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Bone Marrow/Stem Cell Transplant Frequently Asked Questions
4. How are the stem cells used in transplant collected?
The stem cells used in transplant are collected from one of three sources:
Stem cells are collected from the patient's or donor's bone marrow. Historically, this was the way that all stem cells were collected for transplantation, hence the common usage of the term "bone marrow transplantation." The bone marrow collection is performed under general or spinal anesthesia. As such, the donor or patient doesn't feel significant pain or discomfort during the marrow collection. This is an outpatient procedure, and the donor (or patient, in the case of an autologous transplant) usually goes home the same day. However, some soreness can be expected in the lower back after the procedure for a few days or longer. This discomfort can be well-controlled with oral pain medication.
The doctors use large, hollow needles to withdraw the liquid marrow from the back of the pelvic bone. The hip bones in the pelvis are used as a collection site because in the adult they are marrow-rich and contain the stem cells.
When the collection is complete, the donor or patient will be given instructions about icing, a prescription for pain medication if needed, and other recommendations for care. The amount of marrow taken in each case varies depending on the size of the transplant recipient. More marrow is needed for a large adult compared to a child.
In general, the amount of marrow removed from the donor's body will replenish itself within four to six weeks. In some cases, marrow donors will have a unit of their red blood cells collected in advance for transfusion during or after the harvest procedure. This would minimize the anemia (from blood loss) that may occur after the procedure. Don't hesitate to discuss any of these procedures with the BMT physician or nurse coordinator prior to donation.
When stem cells are collected from the circulating blood, the procedure is more like a blood or platelet donation. The stem cells in the circulating blood are called peripheral blood stem cells (PBSC). Like the stem cells in the bone marrow, they are able to divide and produce red cells, white cells, and platelets.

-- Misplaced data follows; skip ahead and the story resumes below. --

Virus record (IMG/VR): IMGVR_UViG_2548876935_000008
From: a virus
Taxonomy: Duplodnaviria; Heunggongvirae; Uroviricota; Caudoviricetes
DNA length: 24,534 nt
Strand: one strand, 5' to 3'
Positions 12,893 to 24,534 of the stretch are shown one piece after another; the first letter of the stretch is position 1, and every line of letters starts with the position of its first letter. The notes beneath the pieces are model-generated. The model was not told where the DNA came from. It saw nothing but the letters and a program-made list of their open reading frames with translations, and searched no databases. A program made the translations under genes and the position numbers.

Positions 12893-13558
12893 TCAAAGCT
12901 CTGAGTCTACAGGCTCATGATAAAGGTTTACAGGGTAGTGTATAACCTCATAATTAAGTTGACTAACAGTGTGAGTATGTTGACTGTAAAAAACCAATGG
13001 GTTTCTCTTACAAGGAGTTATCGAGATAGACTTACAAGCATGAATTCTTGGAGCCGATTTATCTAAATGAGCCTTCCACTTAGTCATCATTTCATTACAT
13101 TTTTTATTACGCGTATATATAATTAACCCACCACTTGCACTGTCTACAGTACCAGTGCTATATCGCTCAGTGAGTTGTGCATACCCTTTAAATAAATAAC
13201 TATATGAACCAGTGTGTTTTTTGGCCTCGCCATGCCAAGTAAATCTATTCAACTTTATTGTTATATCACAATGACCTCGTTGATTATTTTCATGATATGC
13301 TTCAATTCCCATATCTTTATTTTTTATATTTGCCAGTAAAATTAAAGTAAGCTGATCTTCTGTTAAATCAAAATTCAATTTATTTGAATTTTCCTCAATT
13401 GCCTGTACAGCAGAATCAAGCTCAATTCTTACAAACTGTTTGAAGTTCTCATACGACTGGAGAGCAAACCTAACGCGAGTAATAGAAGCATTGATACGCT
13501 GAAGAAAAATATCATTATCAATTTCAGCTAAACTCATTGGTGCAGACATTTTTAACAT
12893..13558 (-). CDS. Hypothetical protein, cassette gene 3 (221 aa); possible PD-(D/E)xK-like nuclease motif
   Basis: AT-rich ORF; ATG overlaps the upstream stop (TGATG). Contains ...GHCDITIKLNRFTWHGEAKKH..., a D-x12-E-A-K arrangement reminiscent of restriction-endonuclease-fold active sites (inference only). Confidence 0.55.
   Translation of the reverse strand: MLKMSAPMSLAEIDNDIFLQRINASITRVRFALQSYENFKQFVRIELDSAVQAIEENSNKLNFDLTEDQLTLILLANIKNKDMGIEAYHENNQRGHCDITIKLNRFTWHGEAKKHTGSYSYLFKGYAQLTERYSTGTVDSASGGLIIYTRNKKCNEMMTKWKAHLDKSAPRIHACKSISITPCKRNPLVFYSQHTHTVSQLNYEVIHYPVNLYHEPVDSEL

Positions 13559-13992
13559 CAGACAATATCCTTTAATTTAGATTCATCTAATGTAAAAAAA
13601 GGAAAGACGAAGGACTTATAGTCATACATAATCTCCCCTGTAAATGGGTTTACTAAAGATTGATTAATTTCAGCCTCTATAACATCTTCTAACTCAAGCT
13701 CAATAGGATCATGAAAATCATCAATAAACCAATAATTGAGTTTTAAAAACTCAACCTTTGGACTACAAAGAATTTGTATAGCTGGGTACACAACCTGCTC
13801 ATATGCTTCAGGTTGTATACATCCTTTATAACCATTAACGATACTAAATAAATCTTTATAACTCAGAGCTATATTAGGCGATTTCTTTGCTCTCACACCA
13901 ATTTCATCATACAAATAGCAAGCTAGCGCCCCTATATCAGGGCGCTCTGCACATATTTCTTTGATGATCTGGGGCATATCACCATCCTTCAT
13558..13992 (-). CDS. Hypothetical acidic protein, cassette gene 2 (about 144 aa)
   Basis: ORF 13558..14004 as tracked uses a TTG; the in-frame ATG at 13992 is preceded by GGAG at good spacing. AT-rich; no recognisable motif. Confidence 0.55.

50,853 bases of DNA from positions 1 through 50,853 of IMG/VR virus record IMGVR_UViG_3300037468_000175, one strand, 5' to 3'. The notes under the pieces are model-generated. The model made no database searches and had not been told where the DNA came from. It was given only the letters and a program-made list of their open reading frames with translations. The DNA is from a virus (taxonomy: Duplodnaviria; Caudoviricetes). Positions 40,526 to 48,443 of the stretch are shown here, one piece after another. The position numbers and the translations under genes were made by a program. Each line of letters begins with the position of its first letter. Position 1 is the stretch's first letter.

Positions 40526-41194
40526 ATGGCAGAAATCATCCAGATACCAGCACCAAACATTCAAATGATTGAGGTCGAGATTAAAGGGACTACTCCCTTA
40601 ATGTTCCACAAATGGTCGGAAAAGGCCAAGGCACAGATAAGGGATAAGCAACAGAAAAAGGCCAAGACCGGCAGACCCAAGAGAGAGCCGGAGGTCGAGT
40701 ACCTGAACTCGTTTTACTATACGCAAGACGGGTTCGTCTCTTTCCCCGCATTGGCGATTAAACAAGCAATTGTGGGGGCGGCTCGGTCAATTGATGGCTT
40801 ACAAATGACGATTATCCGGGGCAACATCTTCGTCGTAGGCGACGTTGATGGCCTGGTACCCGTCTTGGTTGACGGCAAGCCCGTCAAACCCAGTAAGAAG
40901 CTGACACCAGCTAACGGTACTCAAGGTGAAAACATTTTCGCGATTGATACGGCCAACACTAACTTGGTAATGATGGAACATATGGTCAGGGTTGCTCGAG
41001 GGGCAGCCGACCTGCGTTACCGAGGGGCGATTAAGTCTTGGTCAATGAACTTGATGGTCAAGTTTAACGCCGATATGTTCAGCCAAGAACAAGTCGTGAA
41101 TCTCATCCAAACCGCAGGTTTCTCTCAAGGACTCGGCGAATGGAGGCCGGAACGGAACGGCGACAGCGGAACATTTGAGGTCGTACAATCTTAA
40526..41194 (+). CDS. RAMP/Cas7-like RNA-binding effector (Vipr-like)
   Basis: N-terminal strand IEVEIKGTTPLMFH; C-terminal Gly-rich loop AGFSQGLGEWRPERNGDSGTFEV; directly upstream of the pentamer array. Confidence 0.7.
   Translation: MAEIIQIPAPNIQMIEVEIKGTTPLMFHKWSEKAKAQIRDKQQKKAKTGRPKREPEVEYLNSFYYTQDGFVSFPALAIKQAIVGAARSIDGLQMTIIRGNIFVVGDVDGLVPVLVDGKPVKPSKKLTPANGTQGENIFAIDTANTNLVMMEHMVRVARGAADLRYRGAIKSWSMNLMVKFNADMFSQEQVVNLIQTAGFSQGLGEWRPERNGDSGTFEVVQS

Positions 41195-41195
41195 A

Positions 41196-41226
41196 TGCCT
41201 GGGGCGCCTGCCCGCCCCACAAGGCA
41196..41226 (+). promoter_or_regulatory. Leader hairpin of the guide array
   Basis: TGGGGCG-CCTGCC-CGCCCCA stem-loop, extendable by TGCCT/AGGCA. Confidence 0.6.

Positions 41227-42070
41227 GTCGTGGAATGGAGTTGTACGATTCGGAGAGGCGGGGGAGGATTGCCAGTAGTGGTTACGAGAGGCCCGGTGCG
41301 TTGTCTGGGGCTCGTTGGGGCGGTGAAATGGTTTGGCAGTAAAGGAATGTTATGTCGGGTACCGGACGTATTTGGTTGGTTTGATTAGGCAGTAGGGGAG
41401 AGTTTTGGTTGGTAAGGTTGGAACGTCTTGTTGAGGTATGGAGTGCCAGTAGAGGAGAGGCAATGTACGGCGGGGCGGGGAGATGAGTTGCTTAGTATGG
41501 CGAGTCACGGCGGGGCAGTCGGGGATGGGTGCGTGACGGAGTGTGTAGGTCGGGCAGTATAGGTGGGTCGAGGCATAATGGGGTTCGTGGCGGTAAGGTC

The concentration of peripheral blood stem cells in the blood, however, is very low under normal circumstances. So before collecting the cells, medications (called colonystimulating factors or growth factors) are given to the donor to stimulate the bone marrow to produce more stem cells, which are then released into the blood stream. Most growth factors are administered as injections under the skin for approximately five days. The duration of growth factor administration and the number of collection procedures will depend on the number of stem cells collected. Ask the collection center staff for guidance. The donor should not stop taking the growth factor unless advised. It is important that the correct dose of growth factor be administered around the same time each day. Physicians should be contacted immediately if any side effects occur.
Once these stem cells are released into the blood, they are collected in one or more sessions. During this procedure, blood is removed through a needle in the donor's vein. Each session normally takes four to six hours. Stem cell collections are performed as outpatient procedures. Donors should plan to spend most of the day at the collection center on the day of collection. In this procedure, called apheresis, the blood circulates through a machine called a cell separator that removes the peripheral blood stem cells and returns the rest of the blood to the body.
For autologous bone marrow transplants, the stem cells are then stored and frozen until the time of the transplant. In an allogeneic transplant, stem cells are commonly infused fresh. However, in some circumstances, the cells from a related donor are frozen and stored prior to infusion.
Since the first cord blood transplant in 1988, tremendous strides have been made in this field. Umbilical cord blood can be donated by parents when a child is born. Umbilical cord blood is rich in stem cells, and an increasing number of hospitals have the ability to collect the blood from the umbilical cord using special kits.
Cord blood plays an important role in transplant today. The use of cord blood transplants has increased for both children and adults. Cord blood is used more often in children because a cord blood unit has a limited amount of blood-forming cells. Smaller patients need fewer cells, and larger patients may need two cord blood units combined.
Because cord blood cells are less immunologically mature compared to cells collected from adult donors, they can be used for transplantation even when there is a greater degree of human leukocyte antigen (HLA) mismatching between the patient and the cord blood unit. A close HLA match reduces the risk that your immune cells will attack the donor's cells or that the donor's cells will attack your body. As such, cord blood may offer a chance for transplant for patients who otherwise do not have any suitably matched adult donors.
There are potential advantages and disadvantages of using cord blood for a transplant. In some studies, patients who receive a cord blood transplant experienced less severe GVHD. However, a cord blood transplant may also carry a higher risk of graft failure, slower blood count recovery, and infection. As always, it is important to discuss the benefits and risks of a cord blood transplant with your doctor.
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